It’s About Time: FDA’s Proposed Rule to Amend Prior Notice RegulationsNovember 10, 2023
On October 31, 2023, the U.S. Food and Drug Administration (FDA) issued a proposed rule that would amend its prior notice regulations to add new information requirements and deadlines. More specifically, the proposed rule, if finalized, would:
- Amend 21 C.F.R. § 1.281(b)(10) to require that prior notice for articles of human and animal food arriving by international mail include the name of the mail service and tracking number; and
- Amend 21 C.F.R. §§ 1.283 and 285 to require that, once a notice of refusal or hold is issued, prior notice be submitted within 10 calendar days and food facility registration information be submitted within 30 calendar days.
“Prior notice” informs FDA about the products it can expect to be offered for import into the country. The requirement for prior notice originates in the Public Health Security and Bioterrorism Preparedness and Response Act of 2002 (the Bioterrorism Act). This law directs FDA to take additional steps to protect the public from a threatened or actual terrorist attack on the U.S. food supply and other food-related emergencies. Among other things, the Act requires that FDA receive prior notification of food that is imported or offered for import into the United States. This advance notice of import shipments is intended to help FDA, with the support of the U.S. Customs and Border Protection (CBP), target import inspections more effectively and help protect the nation’s food supply against terrorist acts and other public health emergencies. The FDA Food Safety Modernization Act (FSMA) enacted in 2011, aims to ensure the U.S. food supply is safe by shifting the focus of federal regulators from responding to contamination to preventing it. Pursuant to FSMA, FDA amended the requirements for prior notice of imported food, to include a requirement to report the name of any country to which the article has been refused entry. As a result FDA can make better informed decisions in managing potential risks of imported food into the United States. Over time, FDA amended the prior notice regulations to require tracking numbers and other information to more easily identify foods that pose a higher health risk.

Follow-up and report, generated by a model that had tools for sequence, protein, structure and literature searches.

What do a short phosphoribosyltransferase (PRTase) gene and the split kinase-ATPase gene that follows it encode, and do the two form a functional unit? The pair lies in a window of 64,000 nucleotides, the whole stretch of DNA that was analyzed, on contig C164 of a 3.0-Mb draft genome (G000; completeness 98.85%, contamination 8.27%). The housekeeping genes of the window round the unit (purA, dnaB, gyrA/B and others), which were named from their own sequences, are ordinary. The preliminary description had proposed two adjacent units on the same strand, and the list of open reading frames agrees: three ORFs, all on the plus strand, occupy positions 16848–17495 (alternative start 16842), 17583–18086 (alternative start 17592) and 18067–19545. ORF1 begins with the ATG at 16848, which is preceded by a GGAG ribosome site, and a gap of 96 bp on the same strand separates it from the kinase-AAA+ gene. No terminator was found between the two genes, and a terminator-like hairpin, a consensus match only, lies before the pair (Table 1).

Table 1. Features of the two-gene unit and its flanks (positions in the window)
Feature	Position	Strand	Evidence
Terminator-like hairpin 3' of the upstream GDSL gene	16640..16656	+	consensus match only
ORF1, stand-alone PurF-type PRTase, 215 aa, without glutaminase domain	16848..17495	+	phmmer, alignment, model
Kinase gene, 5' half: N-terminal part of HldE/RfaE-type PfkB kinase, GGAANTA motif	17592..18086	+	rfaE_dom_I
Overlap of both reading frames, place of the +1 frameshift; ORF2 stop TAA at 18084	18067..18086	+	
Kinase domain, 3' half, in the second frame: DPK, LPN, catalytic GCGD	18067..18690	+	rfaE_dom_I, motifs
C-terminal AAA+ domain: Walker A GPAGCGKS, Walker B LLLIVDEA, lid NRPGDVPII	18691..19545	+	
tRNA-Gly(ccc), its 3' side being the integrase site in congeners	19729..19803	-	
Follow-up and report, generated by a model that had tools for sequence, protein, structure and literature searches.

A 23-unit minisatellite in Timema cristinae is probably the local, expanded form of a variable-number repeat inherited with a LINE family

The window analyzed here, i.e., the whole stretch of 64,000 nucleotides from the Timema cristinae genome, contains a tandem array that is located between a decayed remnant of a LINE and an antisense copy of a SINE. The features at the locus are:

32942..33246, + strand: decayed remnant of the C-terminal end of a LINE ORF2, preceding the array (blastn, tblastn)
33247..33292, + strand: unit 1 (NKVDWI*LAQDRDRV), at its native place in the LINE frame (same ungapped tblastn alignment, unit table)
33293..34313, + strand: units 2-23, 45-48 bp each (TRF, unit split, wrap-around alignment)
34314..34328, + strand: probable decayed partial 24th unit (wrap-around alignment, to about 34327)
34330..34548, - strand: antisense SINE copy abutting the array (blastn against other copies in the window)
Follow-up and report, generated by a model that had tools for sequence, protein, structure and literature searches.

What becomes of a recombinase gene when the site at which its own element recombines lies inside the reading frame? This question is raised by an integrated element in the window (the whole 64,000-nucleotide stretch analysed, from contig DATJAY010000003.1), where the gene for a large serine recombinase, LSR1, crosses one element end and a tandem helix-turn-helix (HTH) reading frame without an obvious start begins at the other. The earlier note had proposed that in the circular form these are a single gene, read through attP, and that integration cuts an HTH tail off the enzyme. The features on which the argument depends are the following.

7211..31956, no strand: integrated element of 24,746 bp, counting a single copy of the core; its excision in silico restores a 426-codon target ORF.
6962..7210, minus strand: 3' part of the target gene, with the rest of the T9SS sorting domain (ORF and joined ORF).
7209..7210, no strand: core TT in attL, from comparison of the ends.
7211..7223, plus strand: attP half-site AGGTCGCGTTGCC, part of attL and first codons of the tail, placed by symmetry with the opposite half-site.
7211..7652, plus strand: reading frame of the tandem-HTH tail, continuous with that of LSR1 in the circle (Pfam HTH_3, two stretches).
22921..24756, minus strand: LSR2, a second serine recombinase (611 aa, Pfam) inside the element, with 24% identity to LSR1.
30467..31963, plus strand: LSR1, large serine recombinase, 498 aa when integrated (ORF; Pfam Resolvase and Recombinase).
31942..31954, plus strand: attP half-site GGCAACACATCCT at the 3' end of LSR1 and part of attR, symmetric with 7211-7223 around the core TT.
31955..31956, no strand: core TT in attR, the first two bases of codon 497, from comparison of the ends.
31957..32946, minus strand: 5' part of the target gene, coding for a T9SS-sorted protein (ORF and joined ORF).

However, currently, prior notice of food articles arriving by international mail requires the notifier to provide to FDA only with the anticipated date of mailing. This information is insufficient to allow FDA to predict when a shipment will arrive. As a result, FDA cannot monitor, locate, inspect, and if needed, contain any shipment that has been identified as a possible public health or bioterrorism risk. More detailed information about the mailing such as the tracking number and the mailing service would help FDA to better coordinate with other federal agencies and refuse or hold specific food shipments that pose risks.
The proposed rule also establishes a timeframe by which food articles subject to refusals or holds must become compliant. In some cases, foods imported without a prior notice, with inadequate prior notice, or from an unregistered foreign food facility that is required to register have been held at ports for weeks or months, accumulating substantial demurrage costs for the importers. Under the proposed rule, if held articles are not brought into compliance within 10 days (if held because prior notice was missing) or within 30 days (if held because food facility registration was missing), they may only be sold for export or destroyed, unless otherwise agreed to by FDA and CBP.
Like The Marvelettes, FDA is tired of wondering when its mail will arrive and “waitin’ so patiently” for importers to achieve compliance. But unlike this Motown girl group, FDA doesn’t need to plead with the postman; it can propose a rule.
Comments on the proposed rule can be submitted here until January 30, 2024.